Miami Dolphins training camp questions: Can Tua Tagovailoa make jump?

Is it a make-or-break year for Tua in Miami? (0:36)

Chris Canty explains how Tua Tagovailoa can improve in his second year as the Dolphins' QB. (0:36)

MIAMI GARDENS, Fla. -- The Miami Dolphins opened 2021 NFL training camp on Tuesday at Baptist Health Training Facility. Here's a closer look at a few storylines:

Will quarterback Tua Tagovailoa make the much-hyped Year 2 jump?

This is the central topic to whether the Dolphins have a successful 2021 season. In early glimpses of Tagovailoa this spring, he looked stronger physically with more zip on his throws. His wide receivers also noticed better footwork, mechanics, comfort and chemistry with them.

But the truth will come in training camp. Tagovailoa's rookie season was up-and-down and lasting memories are of him getting replaced by Ryan Fitzpatrick twice in the fourth quarter of games. Tagovailoa is the unquestioned starter in 2021 and he is fully healthy after a year removed from a devastating hip injury while at Alabama.

Miami added plenty of speed with receivers William Fuller V and Jaylen Waddle, and the Dolphins' offense will be centered around their young quarterback's skill set.

Any and all excuses are gone. The Dolphins believe he will make that big jump, but the pressure is on.

What are realistic expectations for this season now that the Dolphins' rebuild is nearing completion?

It's playoffs or bust. This is Year 3 under coach Brian Flores, and all indications are this team is transitioning toward contention. No matter how you spin it, this Dolphins season will be a disappointment if they miss the playoffs. In 2020, the Dolphins went 10-6 and missed out on the playoffs because of a tiebreaker. In a new 17-game season, it might take 11 wins to make the postseason.

This Dolphins' roster is young, but Miami has a defense that finished in the top five in scoring last season, plus it has a much-improved skill group. The Dolphins should be considered second best team in the AFC East and chief challengers to dethrone the Buffalo Bills.

How different will the offense look under co-coordinators George Godsey and Eric Studesville?

The initial reaction to the Dolphins naming Studesville and Godsey was lukewarm because NFL teams rarely have two men splitting offensive duties, particularly under a defense-first head coach, but both coaches are experienced and capable of excelling in their roles.

It appears Miami's offense will be more flexible -- in terms of in-week game plans and in-game adjustments on Sundays -- something that was an issue under 2020 Dolphins offensive coordinator Chan Gailey. As far as scheme, there should be more pre-snap movement, vertical deep shots and a blending of the collegiate and NFL games.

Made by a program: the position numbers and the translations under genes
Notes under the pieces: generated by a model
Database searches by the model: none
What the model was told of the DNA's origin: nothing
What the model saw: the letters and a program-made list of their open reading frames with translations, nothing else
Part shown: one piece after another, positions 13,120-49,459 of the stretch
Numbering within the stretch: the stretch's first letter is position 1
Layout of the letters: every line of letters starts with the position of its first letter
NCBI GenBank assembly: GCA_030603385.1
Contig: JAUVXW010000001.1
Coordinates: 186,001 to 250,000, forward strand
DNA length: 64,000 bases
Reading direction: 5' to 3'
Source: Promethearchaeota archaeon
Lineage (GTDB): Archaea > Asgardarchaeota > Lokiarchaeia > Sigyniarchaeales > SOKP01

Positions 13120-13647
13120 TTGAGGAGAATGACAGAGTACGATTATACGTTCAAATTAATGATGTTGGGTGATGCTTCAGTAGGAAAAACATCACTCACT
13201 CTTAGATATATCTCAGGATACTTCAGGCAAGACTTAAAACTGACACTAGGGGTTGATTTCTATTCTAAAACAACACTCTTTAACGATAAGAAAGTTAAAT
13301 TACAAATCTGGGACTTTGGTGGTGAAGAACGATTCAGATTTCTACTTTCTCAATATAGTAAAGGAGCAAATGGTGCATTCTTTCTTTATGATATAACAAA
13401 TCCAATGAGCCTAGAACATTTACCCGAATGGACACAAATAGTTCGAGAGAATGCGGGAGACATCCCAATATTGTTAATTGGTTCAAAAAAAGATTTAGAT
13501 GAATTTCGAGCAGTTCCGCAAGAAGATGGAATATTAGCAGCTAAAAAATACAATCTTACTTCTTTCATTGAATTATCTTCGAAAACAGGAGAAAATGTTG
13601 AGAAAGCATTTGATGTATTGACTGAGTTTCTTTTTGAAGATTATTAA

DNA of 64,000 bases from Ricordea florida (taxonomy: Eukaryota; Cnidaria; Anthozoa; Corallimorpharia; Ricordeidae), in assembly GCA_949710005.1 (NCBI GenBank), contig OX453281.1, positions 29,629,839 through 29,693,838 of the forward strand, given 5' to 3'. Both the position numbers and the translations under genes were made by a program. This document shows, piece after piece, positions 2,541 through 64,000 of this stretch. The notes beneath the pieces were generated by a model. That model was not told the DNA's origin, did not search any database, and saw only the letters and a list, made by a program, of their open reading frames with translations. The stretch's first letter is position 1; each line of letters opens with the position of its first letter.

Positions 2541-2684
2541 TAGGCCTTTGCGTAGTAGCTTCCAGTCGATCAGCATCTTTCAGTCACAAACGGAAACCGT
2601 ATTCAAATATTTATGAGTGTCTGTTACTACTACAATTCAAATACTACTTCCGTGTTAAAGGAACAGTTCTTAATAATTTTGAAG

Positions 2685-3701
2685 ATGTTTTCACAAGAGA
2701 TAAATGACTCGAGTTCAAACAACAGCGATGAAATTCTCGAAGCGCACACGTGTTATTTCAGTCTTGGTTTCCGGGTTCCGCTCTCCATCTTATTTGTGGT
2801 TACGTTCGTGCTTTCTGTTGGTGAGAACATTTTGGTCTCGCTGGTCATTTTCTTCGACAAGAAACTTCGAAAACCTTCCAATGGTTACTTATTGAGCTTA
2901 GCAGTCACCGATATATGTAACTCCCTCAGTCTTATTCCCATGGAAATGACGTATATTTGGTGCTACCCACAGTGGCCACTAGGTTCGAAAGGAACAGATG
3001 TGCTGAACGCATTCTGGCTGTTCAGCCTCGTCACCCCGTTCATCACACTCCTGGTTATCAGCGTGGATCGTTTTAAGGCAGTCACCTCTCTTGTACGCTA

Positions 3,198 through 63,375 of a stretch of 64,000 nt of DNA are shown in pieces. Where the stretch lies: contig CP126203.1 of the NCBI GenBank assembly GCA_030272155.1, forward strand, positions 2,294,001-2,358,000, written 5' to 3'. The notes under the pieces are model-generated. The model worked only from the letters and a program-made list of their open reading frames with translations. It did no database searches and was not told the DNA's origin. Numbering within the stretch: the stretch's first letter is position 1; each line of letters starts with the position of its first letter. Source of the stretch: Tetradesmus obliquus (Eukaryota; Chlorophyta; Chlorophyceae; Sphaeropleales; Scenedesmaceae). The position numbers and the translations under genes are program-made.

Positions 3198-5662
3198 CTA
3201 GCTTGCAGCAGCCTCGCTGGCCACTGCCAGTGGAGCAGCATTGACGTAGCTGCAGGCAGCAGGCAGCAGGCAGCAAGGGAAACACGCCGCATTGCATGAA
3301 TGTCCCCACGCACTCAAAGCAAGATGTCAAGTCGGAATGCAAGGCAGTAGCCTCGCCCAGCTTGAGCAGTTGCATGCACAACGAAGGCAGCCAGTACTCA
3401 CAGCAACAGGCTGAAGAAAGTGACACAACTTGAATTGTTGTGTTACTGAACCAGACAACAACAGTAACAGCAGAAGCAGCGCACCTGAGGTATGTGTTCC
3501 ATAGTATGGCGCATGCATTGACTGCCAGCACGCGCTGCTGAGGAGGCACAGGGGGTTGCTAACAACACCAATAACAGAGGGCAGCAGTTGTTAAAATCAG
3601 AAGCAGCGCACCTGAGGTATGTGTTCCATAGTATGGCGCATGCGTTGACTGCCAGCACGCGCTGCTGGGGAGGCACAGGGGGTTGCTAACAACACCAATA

Running back Myles Gaskin said the offense looks "a lot different," and players have been excited about this scheme. The unique element of this two-man step up with Godsey and Studesville is that they have versatility and unpredictability in terms of game plans given each have varying backgrounds on their NFL résumés.

How will uncertainty around cornerback Xavien Howard's contract situation affect the defense?

Howard is Miami's best player, and the defense gets a lot worse without him. Howard skipped June's mandatory minicamp in a contract dispute, and it's troubling that there's a possibility he holds out of training camp.

Howard feels he has outplayed his contract extension and wants to at least be the team's highest paid cornerback over Byron Jones. The Dolphins believe it is too soon to make a contract adjustment after his May 2019 contract extension. There has to be some common ground found or this could get worse. If Howard holds out of camp, his next step might be asking for a trade.

Without Howard, the Dolphins are not a top-five defense and might drop to average at best. Noah Igbinoghene, the Dolphins' 2020 first-round pick, has been groomed to be a starting outside cornerback, but after a rocky rookie season, it might be too soon to give him such a big role. The Dolphins' defense is built around its top notch man-to-man cornerbacks -- and Howard is essential to Miami remaining a top defense.